Prime Minister Dr Keith Rowley has given instructions for Petrotin to release documents requested under the Freedom of Information Act, that became the subject of a ruling by the Privy Council this week.
Dr Rowley addressed Thursday's post-Cabinet media conference, telling reporters that he has instructed the Minister of Energy, Franklin Khan, to in-turn instruct Petrotrin to release the documents.
On Monday, the Privy Council gave a ruling allowing United National Congress (UNC) activist Ravi Balgobin Maharaj to file judicial review proceedings seeking disclosure of documents related to Petrotrin’s failed Gas-to-Liquids (GTL) project.
The documents were two witness statements used by Senior Counsel Vincent Nelson to advise that proceedings against former Petrotrin chairman Malcolm Jones in the World GTL matter, be discontinued.
Dr Rowley said that while the Freedom of Information matter was between Petrotrin and Maharaj, the government has been accused by the Opposition of attempting to suppress information.
He said there are cases when the minister could give instructions to the board of Petrotrin and that the cabinet felt this was one case that required it.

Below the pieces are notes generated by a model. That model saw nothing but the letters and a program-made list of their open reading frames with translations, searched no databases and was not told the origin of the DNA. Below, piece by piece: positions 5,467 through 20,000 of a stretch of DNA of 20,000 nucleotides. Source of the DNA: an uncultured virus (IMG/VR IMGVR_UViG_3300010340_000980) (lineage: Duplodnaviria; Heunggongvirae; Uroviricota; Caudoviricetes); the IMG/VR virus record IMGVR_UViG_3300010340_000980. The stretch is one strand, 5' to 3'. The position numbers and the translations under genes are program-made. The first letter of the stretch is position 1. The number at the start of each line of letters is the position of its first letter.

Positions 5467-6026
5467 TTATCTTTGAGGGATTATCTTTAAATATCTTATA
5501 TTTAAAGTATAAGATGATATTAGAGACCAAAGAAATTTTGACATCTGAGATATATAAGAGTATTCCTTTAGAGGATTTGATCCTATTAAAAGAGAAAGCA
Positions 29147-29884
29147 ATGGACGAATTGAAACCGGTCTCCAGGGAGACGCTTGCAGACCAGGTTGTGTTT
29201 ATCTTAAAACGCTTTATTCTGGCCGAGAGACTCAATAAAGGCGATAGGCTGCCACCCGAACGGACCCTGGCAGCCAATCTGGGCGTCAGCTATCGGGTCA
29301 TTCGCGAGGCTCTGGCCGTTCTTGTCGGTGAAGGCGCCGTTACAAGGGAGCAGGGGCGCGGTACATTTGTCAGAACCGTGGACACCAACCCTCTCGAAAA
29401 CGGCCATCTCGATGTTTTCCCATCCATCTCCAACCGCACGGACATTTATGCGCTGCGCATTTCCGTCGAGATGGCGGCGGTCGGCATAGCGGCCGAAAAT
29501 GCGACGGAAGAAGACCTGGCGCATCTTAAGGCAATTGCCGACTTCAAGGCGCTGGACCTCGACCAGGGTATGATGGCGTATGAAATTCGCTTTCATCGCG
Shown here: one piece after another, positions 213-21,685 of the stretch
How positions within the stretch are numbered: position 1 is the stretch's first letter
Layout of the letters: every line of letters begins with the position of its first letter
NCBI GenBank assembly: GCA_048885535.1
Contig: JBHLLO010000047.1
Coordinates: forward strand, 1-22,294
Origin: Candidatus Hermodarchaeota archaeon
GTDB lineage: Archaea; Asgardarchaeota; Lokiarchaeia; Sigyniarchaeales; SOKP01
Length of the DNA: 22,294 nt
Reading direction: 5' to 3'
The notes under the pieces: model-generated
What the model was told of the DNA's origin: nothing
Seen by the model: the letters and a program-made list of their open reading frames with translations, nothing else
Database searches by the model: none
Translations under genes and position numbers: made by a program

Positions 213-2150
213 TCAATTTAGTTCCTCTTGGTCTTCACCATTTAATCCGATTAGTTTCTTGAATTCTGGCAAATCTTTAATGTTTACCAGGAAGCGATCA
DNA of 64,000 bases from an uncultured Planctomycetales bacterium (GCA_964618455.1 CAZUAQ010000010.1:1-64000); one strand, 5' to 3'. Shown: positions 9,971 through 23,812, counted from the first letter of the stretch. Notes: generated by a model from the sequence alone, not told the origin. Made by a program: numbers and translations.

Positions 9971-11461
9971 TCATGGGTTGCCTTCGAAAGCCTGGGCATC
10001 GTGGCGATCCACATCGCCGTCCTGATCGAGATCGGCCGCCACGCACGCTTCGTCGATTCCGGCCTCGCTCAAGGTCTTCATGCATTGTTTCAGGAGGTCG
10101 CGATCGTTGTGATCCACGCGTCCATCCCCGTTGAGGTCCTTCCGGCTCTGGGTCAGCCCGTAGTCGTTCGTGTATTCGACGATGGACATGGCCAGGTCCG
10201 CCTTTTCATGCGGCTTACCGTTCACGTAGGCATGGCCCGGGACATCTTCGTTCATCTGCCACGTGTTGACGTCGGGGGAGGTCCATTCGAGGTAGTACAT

He has also instructed that the documents be made public so that members of the public could decide on the facts of the matter.
According to the Ministry of Energy, in 2005 World GTL and Petrotrin agreed on a joint venture for the Gas-To-Liquids plant. By January 2006 both companies entered a Shareholders Agreement, giving WGTL 51 percent equity and retaining 49 percent for Petrotrin. One year later, the budget and requisite funding was completed and was pegged at US $165 million, funded by a loan of US125 million from Credit Suisse, US $30 million in preference shares from local investors and $US 10 million in equity from Petrotrin.
In summarizing the failed mega-project, the Ministry of Energy said that the credit agreement with the Swiss bank stipulated that the plant should be producing by July 2009, enough to make repayments on the loan. By this time, the project had already cost twice the budget that it was allowed.
In 2009 when the plant was expected to be completed enough to produce, it was way behind the delivery deadline and the cost mushroomed from the US$165 million to more than US$ 399 million. WGTL was unable to fund its portion of the repayments and Petrotrin bought out the entire Credit Suisse loan.
The project was placed in receivership that same year.
By 2010, when the Government changed hands, Petrotrin stopped all funding to complete the project and by 2012, NiQuan Energy emerged as the company interested in purchasing the idle and incomplete GTL plant.
NiQuan was able to purchase the US$399 million project for just US$35 million which included an initial payment of US$10 million and preference shares valued at US$ 25 million to be paid in two tranches.
- by Sampson Nanton